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Avalanche Advisory

Turnagain Area Avalanche Advisory
Forecaster:   Heather Thamm  
Friday, January 9th 2015
Created: Jan 8th 22:16 pm
2 Moderate Alpine / Above 2,500' Travel Advice: Heightened avalanche conditions on specific terrain features. Evaluate snow and terrain carefully; identify features of concern.
2 Moderate Treeline / 1,000'-2,500' Travel Advice: Heightened avalanche conditions on specific terrain features. Evaluate snow and terrain carefully; identify features of concern.
0 NO RATING Below Treeline / Below 1,000'
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Silverton Mountain Guides
Special Announcement

Do you ski or snowmachine in Hatcher Pass?  The Hatcher Pass Avalanche Center (HPAC) and the Alaska Avalanche School (AAS) are leading an Observer’s Workshop for backcountry enthusiasts who are interested in submitting snow and avalanche observations to the HPAC.  More info can be found by clicking here.


The Bottom Line

Today the avalanche danger is MODERATE at both Treeline and in the Alpine. Small human triggered wet avalanches are possible on very steep slopes and wind slabs 1-2' deep could be found at elevations above 3500’. Avoid steep slope angles and in general be careful – the snow conditions are relatively poor and also ripe for non-avalanche related injuries.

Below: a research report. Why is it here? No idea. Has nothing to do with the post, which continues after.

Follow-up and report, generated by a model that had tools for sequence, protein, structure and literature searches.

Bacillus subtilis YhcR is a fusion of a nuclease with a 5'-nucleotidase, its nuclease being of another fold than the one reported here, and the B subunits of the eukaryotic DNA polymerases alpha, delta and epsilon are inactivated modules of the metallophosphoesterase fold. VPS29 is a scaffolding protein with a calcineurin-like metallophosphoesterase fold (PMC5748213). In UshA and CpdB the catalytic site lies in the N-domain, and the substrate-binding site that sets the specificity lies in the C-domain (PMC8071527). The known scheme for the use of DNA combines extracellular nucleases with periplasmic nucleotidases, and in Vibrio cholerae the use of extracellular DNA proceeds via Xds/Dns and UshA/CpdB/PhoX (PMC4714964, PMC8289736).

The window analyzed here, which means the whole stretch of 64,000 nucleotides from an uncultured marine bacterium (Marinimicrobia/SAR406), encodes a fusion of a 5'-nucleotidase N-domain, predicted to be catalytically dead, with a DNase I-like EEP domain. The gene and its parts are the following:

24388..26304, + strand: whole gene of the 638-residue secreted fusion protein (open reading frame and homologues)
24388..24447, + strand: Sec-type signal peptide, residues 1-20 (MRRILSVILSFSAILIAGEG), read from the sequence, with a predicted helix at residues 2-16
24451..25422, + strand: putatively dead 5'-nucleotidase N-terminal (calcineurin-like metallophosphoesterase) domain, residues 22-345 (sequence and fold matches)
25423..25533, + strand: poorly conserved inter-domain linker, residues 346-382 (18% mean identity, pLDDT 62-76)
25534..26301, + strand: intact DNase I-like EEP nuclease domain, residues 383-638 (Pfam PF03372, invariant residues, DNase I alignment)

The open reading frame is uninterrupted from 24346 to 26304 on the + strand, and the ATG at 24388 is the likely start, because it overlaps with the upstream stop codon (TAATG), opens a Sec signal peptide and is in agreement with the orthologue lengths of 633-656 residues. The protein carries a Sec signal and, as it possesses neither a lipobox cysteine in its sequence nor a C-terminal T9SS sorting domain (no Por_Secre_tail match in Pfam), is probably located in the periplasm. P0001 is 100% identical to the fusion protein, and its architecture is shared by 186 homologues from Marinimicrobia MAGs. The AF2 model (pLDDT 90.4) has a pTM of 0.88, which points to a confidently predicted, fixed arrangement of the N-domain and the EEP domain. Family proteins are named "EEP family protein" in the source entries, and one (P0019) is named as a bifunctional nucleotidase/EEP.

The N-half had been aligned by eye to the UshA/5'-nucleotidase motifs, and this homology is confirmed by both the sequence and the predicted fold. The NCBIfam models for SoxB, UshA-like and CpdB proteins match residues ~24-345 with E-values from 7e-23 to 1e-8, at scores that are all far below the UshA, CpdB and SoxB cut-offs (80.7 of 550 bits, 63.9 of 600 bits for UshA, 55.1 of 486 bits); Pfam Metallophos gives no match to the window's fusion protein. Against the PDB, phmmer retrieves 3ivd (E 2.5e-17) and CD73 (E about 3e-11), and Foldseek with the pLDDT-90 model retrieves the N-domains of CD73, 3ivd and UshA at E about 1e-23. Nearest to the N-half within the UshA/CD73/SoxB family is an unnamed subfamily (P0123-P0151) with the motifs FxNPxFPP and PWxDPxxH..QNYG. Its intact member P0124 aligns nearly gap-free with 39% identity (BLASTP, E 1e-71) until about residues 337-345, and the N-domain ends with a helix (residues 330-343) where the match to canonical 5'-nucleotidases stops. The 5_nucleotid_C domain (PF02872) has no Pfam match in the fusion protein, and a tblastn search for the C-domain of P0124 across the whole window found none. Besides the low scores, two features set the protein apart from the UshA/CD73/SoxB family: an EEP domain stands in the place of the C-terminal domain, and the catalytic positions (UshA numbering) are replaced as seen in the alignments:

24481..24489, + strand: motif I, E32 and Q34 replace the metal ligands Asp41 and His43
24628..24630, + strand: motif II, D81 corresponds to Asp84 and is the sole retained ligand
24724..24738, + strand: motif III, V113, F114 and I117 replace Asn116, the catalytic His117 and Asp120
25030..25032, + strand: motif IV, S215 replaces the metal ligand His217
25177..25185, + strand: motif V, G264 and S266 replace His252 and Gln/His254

Primary Concern

In the last 24hours a low-pressure system has brought us very warm temperatures (40’sF) at sea level and rain to 3000’. In Turnagain Pass .5” of water was recorded and double that amount in Girdwood.

No avalanche activity was reported or observed yesterday, but today small wet loose avalanches are the primary concern in areas where low-density snow is poorly bonded. Rain saturating the snowpack can cause this type of snow to weaken and fail, more easily than in denser snow.

It is important to understand that our current snowpack is comprised of large areas of dense supportable snow in the Alpine, but pockets of weaker snow do exist. Triggering a wet loose avalanche requires a steep slope (>40°) and could be larger on sustained slopes. Today this problem will be more likely at mid elevations where there are greater areas of low-density snow.

Expected this type of avalanche to be slow to initiate, meaning they take a little time to gain momentum. Use caution if you choose to ski/ride in steep terrain today.  This kind of avalanche problem is wet and heavy and can easily grab your ski/board and pull you down.

Today light precipitation (0.1”) is expected throughout the day and rainline may decrease to 1000’. This is not enough precipitation to increase the likelihood of natural avalanches. 


Secondary Concern

At higher elevations, above 3500’, where snow has accumulated there is potential for wind slabs. Yesterday ridgetop winds were from the East and averaged 30mph. Avoid wind loaded leeward slopes if you venture above 3500’. Small pockets 1-2’ deep could be found on leeward sides of ridges and along terrain features such as gullies.

Luckily today with marginal weather and poor surface conditions this terrain will not be very attractive to ski/ride.  In fact your day might be better spent tuning your skis with a warm colored wax and saving gas money in hopes of improved conditions in the coming days. 


Additional Concern